Part of artist Athi-Patra Ruga’s series The Future White Women of Azania, the cross stich tapestry Uzuko shows a young black woman in a provocative pose.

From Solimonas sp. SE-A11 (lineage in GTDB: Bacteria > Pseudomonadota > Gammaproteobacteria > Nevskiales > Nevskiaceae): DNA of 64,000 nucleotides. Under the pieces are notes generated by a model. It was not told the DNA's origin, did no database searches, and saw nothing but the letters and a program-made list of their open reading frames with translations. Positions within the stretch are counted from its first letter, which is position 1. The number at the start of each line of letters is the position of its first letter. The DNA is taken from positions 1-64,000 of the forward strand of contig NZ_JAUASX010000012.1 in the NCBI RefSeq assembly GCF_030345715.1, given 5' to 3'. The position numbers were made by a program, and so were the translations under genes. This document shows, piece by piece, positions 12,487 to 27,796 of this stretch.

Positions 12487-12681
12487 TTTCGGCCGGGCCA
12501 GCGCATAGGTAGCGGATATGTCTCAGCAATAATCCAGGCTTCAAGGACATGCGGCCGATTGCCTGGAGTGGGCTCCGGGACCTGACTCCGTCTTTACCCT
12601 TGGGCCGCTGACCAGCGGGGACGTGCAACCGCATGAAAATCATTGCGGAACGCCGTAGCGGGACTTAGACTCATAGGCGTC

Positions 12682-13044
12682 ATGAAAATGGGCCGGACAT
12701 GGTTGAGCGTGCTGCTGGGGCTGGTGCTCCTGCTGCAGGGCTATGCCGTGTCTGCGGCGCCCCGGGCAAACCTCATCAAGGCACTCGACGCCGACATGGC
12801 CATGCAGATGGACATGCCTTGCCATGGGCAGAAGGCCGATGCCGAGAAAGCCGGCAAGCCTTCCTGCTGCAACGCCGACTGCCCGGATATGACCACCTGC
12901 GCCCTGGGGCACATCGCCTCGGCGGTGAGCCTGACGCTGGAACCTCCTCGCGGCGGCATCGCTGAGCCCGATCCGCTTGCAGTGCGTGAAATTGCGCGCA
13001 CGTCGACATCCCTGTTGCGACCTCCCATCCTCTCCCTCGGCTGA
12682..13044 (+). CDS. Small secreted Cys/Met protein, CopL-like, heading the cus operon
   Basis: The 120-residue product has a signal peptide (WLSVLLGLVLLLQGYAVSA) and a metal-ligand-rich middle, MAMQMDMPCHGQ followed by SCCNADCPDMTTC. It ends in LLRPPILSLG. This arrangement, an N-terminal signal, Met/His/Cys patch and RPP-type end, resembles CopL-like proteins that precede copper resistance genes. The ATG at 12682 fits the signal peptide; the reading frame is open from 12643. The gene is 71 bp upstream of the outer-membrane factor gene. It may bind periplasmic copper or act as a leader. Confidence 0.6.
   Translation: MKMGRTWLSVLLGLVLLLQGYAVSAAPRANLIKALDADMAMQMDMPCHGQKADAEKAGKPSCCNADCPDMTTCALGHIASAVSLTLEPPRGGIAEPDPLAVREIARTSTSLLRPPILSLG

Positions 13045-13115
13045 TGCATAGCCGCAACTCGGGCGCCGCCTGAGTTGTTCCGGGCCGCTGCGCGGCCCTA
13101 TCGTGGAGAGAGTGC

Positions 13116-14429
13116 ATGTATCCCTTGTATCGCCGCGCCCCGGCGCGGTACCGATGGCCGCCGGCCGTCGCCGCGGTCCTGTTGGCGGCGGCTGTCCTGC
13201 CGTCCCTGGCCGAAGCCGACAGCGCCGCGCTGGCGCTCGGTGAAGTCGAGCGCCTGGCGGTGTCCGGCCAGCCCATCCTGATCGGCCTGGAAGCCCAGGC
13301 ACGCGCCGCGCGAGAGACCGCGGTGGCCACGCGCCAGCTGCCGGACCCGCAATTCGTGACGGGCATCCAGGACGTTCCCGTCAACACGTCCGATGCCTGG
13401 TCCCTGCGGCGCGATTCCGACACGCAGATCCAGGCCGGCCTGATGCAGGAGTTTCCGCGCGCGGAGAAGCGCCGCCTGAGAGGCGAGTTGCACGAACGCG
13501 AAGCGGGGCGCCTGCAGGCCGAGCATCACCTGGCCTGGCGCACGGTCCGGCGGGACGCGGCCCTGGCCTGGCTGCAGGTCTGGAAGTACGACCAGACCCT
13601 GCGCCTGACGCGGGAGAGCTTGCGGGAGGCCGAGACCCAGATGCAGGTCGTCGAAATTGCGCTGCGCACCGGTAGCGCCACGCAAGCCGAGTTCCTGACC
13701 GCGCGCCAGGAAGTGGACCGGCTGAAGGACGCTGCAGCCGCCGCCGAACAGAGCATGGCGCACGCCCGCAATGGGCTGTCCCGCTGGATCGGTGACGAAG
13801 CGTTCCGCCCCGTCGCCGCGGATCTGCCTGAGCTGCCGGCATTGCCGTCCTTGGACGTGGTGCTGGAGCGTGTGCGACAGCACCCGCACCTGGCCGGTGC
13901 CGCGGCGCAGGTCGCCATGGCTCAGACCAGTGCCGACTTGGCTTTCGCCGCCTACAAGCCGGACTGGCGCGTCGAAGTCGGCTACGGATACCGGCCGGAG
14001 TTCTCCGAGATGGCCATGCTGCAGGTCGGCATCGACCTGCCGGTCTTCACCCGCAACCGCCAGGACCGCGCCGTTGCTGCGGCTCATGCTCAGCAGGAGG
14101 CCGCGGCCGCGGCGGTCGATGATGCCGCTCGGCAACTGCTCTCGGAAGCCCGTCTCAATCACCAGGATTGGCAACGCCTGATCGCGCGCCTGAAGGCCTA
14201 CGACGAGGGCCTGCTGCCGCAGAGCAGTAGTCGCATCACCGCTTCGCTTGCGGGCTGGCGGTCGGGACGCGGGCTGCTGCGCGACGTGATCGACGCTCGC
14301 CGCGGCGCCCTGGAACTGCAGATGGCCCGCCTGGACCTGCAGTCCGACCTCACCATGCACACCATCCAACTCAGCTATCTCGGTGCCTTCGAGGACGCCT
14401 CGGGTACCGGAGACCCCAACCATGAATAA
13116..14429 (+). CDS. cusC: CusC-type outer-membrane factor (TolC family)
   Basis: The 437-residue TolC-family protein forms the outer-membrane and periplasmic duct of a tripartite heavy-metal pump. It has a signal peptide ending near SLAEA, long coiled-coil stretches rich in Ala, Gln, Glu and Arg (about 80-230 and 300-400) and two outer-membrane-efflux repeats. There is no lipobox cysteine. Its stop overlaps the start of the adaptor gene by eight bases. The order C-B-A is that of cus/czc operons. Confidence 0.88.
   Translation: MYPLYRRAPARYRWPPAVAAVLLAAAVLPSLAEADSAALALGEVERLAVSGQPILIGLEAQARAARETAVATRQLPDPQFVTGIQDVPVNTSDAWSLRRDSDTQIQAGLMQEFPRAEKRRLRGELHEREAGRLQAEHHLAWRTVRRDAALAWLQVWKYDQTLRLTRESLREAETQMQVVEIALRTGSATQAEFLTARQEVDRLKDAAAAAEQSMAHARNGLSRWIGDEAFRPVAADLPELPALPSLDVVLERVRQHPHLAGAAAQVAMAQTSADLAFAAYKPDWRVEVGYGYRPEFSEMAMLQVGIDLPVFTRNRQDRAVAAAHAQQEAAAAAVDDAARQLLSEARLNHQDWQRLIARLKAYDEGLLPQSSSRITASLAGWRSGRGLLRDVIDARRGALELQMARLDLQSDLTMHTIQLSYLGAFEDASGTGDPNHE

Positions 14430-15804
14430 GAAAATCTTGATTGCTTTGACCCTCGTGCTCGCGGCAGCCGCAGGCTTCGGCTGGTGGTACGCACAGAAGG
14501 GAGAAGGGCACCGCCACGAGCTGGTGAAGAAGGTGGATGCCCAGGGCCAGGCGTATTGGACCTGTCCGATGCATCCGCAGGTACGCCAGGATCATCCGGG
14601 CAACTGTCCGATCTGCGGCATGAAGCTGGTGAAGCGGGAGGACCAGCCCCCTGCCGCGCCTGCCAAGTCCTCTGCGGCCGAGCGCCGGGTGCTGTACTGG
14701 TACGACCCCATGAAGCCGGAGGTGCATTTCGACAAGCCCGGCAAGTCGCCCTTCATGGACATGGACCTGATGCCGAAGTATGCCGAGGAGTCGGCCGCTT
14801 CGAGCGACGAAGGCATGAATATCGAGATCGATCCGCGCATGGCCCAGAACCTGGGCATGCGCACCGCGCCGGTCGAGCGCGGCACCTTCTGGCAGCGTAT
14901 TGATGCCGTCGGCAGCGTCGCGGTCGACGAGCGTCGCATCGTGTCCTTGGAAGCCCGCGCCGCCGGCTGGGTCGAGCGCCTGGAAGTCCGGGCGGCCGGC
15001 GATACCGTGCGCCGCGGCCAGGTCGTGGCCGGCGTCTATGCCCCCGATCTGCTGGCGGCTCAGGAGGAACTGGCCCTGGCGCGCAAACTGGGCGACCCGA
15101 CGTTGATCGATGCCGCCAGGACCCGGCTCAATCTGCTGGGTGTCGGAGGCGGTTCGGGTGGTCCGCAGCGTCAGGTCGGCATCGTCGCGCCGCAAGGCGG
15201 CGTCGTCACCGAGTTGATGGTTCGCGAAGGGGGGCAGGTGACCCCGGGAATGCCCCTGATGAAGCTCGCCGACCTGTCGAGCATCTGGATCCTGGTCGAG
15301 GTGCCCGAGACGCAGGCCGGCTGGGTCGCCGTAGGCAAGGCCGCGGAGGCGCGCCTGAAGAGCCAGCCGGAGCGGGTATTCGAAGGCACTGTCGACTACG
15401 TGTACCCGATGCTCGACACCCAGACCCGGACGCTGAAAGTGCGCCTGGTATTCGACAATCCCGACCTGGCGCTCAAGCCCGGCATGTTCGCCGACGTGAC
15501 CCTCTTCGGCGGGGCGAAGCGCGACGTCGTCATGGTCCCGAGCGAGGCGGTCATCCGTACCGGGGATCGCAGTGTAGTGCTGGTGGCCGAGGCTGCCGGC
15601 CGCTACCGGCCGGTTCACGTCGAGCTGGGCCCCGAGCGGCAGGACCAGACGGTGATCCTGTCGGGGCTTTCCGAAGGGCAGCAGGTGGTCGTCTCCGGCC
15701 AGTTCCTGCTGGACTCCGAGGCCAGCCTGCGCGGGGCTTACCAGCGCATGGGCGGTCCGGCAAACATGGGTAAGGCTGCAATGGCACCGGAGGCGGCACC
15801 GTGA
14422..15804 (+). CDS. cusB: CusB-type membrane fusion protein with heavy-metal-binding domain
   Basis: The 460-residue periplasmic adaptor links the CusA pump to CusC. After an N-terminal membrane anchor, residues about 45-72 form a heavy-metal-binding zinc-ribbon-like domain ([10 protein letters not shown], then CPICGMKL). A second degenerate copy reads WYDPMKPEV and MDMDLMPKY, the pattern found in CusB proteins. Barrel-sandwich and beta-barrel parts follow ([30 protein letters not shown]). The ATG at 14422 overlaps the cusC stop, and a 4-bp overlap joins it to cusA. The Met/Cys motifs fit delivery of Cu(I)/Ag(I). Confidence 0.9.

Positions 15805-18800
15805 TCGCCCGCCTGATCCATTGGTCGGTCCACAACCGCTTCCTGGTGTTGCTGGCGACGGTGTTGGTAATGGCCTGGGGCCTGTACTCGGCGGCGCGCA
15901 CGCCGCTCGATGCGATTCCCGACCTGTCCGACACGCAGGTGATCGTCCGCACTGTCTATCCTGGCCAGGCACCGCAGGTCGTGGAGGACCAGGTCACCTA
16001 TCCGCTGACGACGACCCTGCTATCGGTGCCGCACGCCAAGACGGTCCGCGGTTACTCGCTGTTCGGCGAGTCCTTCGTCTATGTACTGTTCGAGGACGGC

Surrounded by strong colours and artificial flowers, and wearing only a swimming suit and a sash, she appears to be competing in a beauty pageant in the fictitious country of Azania. The term Ruga chose for this fictitious country, Azania, has its origins in the anti-apartheid movement, when the Azanian People’s Organization was formed – among other things, they advocated and described an ideal future South Africa. Pliny the Elder was the first person to refer to this place in his work Naturalis historia, and the term is still being used today in connection with utopias and African secessionist ambitions. In The Future White Women of Azania series, Ruga projects this myth onto the processes of social transformation of the post-apartheid era. However, the artist does not create a colourful dreamland full of contentment and harmony; upon closer inspection, the picture’s superficial blaze of colour opens up to reveal an abyss of insecurity and tumult. The characters Ruga has created satirize the Eurocentric behaviour of a new black middle class, posing critical questions about gender roles, excessive materialism and contemporary African identity.